ANAHEIM, Calif. - The Orioles have implemented their own work stoppage at Edison International Field. They've prohibited the rally monkey from appearing in this series.
He isn't needed on the giant video screen, with his frenetic bouncing that supposedly helps the Anaheim Angels overcome late-inning deficits. With the Orioles trailing early the past two nights, a crowd favorite has been shut down.
Is Scott Erickson headed for the same treatment?
Given another turn in the rotation, Erickson gave up seven straight hits in the second inning, including a three-run homer to Bengie Molina and a bases-clearing double by Orlando Palmeiro in the Angels' 9-0 victory last night before 38,563.
Palmeiro's double to center field increased the Angels' lead to 6-0, enabled them to tie the club record for consecutive hits in an inning, and sent Erickson to the dugout. Erickson (5-12) retired only four of the 12 batters he faced and needed a leaping catch from Chris Singleton on the warning track to save a run in the first.
It was the second-shortest outing of Erickson's career - he lasted two-thirds of an inning in a 1991 start for the Minnesota Twins - and probably assured his removal from the rotation after rosters expand.
"I don't expect to start for a while," said Erickson, who is two years removed from ligament-transplant surgery on his right elbow. "You've got to earn it, and obviously I haven't done that. I'm not too concerned with what my role is. I'm not getting people out, and the last thing I want to do is keep putting my teammates in this position.
"I'm not going to panic. I know I can get people out. It's just a little bit of a jinx, I guess. It's not a lack of confidence or anything like that. I know I can do the job."
The Orioles (63-71) have lost eight in a row, their longest streak of the season, and fallen eight games below .500 for the first time in 2002. Their last win came Aug. 23 against the Toronto Blue Jays at Camden Yards, when they rallied from a 6-0 deficit.
That game also represented Erickson's most recent start until last night. He pitched once in relief, throwing two scoreless innings last Sunday, as manager Mike Hargrove pushed him back in the rotation.
The time off didn't bring the desired changes. "He was good down," Hargrove said. "Then in the second inning, all of a sudden everything got up. Molina hit a hanging slider. Everything was up."
Erickson has posted a 12.17 ERA in his past eight starts, allowing 75 runners in 30 1/3 innings. His season's ERA has jumped from 4.07 to 5.55. Limited to one victory since July 16, he reached 93 mph with his fastball last night but couldn't get the desired movement or results.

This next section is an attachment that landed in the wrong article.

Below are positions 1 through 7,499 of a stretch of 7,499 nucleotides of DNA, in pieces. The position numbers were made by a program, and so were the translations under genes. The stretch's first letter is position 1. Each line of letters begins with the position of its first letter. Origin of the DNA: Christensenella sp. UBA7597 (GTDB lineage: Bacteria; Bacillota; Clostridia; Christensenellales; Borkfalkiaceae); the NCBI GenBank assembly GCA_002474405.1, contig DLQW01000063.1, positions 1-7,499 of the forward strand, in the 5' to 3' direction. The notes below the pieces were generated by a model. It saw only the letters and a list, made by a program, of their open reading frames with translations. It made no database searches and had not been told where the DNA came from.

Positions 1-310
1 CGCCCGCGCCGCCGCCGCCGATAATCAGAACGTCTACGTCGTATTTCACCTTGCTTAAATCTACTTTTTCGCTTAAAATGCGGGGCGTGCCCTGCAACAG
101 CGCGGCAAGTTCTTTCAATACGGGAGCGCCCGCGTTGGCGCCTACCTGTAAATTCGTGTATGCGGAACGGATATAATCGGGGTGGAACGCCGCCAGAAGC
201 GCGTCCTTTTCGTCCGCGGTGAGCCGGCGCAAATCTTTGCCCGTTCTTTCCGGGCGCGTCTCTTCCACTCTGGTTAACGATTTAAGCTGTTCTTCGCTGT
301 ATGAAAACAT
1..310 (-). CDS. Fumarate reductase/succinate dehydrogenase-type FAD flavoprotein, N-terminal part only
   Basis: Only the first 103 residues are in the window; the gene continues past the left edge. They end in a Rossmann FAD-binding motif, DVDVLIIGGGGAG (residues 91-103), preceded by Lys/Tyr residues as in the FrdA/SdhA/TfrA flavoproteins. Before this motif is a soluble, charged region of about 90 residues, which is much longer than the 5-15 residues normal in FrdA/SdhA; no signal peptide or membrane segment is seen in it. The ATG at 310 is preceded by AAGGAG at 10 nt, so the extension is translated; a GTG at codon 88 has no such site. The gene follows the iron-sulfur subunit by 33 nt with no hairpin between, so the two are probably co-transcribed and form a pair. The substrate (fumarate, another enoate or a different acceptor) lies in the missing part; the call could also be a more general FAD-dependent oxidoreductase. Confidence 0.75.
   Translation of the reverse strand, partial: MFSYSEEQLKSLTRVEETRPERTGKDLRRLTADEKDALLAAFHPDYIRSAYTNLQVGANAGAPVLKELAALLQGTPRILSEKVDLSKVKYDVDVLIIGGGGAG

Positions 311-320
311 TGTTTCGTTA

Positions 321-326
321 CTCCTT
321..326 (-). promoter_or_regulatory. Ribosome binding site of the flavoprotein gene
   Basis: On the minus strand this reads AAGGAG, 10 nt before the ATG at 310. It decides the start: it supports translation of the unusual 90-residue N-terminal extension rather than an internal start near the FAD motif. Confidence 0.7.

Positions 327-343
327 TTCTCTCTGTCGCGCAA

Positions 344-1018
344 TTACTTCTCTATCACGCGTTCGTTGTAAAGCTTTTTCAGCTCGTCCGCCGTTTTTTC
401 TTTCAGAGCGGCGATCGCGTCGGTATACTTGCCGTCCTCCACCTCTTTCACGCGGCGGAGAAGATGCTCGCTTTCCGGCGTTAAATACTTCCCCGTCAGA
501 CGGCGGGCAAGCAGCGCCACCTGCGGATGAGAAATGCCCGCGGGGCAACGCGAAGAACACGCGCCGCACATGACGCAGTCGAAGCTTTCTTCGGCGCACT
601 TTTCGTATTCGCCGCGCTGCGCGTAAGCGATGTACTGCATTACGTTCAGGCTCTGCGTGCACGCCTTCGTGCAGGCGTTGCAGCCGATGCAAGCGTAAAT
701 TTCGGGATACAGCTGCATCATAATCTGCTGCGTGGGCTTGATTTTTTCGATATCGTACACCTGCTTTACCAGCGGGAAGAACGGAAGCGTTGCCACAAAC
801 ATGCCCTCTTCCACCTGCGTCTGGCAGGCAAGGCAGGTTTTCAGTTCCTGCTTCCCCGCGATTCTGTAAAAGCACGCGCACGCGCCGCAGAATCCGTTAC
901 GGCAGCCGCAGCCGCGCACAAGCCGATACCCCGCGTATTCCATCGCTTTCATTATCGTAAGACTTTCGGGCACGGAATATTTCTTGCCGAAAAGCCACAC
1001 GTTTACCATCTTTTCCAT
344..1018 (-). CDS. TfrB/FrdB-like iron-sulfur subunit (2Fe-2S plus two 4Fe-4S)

"It's incomprehensible what's going wrong," Erickson said. "I've never pitched in this situation before. I have no answers to why things are so bad, but obviously something needs to be changed. I'm not going to blame not pitching much for the last two years. The ball is finding the bat. I have no explanations. I felt great. I can't blame it on anything."
Hargrove said the club's rotation is mostly set for the remainder of the season, with the exception of a Sept. 10 makeup doubleheader in New York against the Yankees and a possible spot start four days later. He wouldn't reveal any names - presidents aren't guarded this closely - or commit to Erickson beyond last night's game.
"He's going to start," Hargrove said about 90 minutes before the first pitch, "and we'll talk about it from there."
Reminded of his comments after the game, Hargrove said, "We've already discussed it, but I don't want to say anything now."
Much of the conversation centers around Sidney Ponson and Pat Hentgen. Ponson is expected to come off the disabled list today after the pain subsided from a small tear in his right labrum, while Hentgen makes what could be his last rehabilitation start in Aberdeen.
Erickson was facing an Angels team that hadn't given him much trouble in the past. He was 16-6 with a 3.77 ERA in 26 career games, matching his highest win total against any opponent. He has also beaten the Detroit Tigers 16 times.
His problems last night masked another sluggish effort from the offense, which has been no-hit through 5 1/3 innings in both games of this series. Geronimo Gil has ended the drama each time with a single into right field, breaking up Ramon Ortiz's perfect game last night.
Ortiz (11-9) retired the first 16 batters before allowing three straight singles to load the bases. He struck out Luis Lopez, who made two dazzling plays at shortstop, and retired Chris Richard on a shallow fly to left. A routine ninth gave Ortiz his first major-league shutout, and the Angels their 13th.
Anaheim increased its lead to 9-0 in the fifth, and set off more fireworks, on Adam Kennedy's two-run homer off Chris Brock. When the smoke cleared, literally, the Angels were looking even more like a playoff team. They now lead Seattle by 2 1/2 games for the American League's wild card.
Site:Edison International Field, Anaheim, Calif.
TV/Radio:No TV/WBAL (1090 AM)
Starters: Orioles' Rodrigo Lopez (14-6, 3.31) vs. Angels' John Lackey (6-3, 3.23)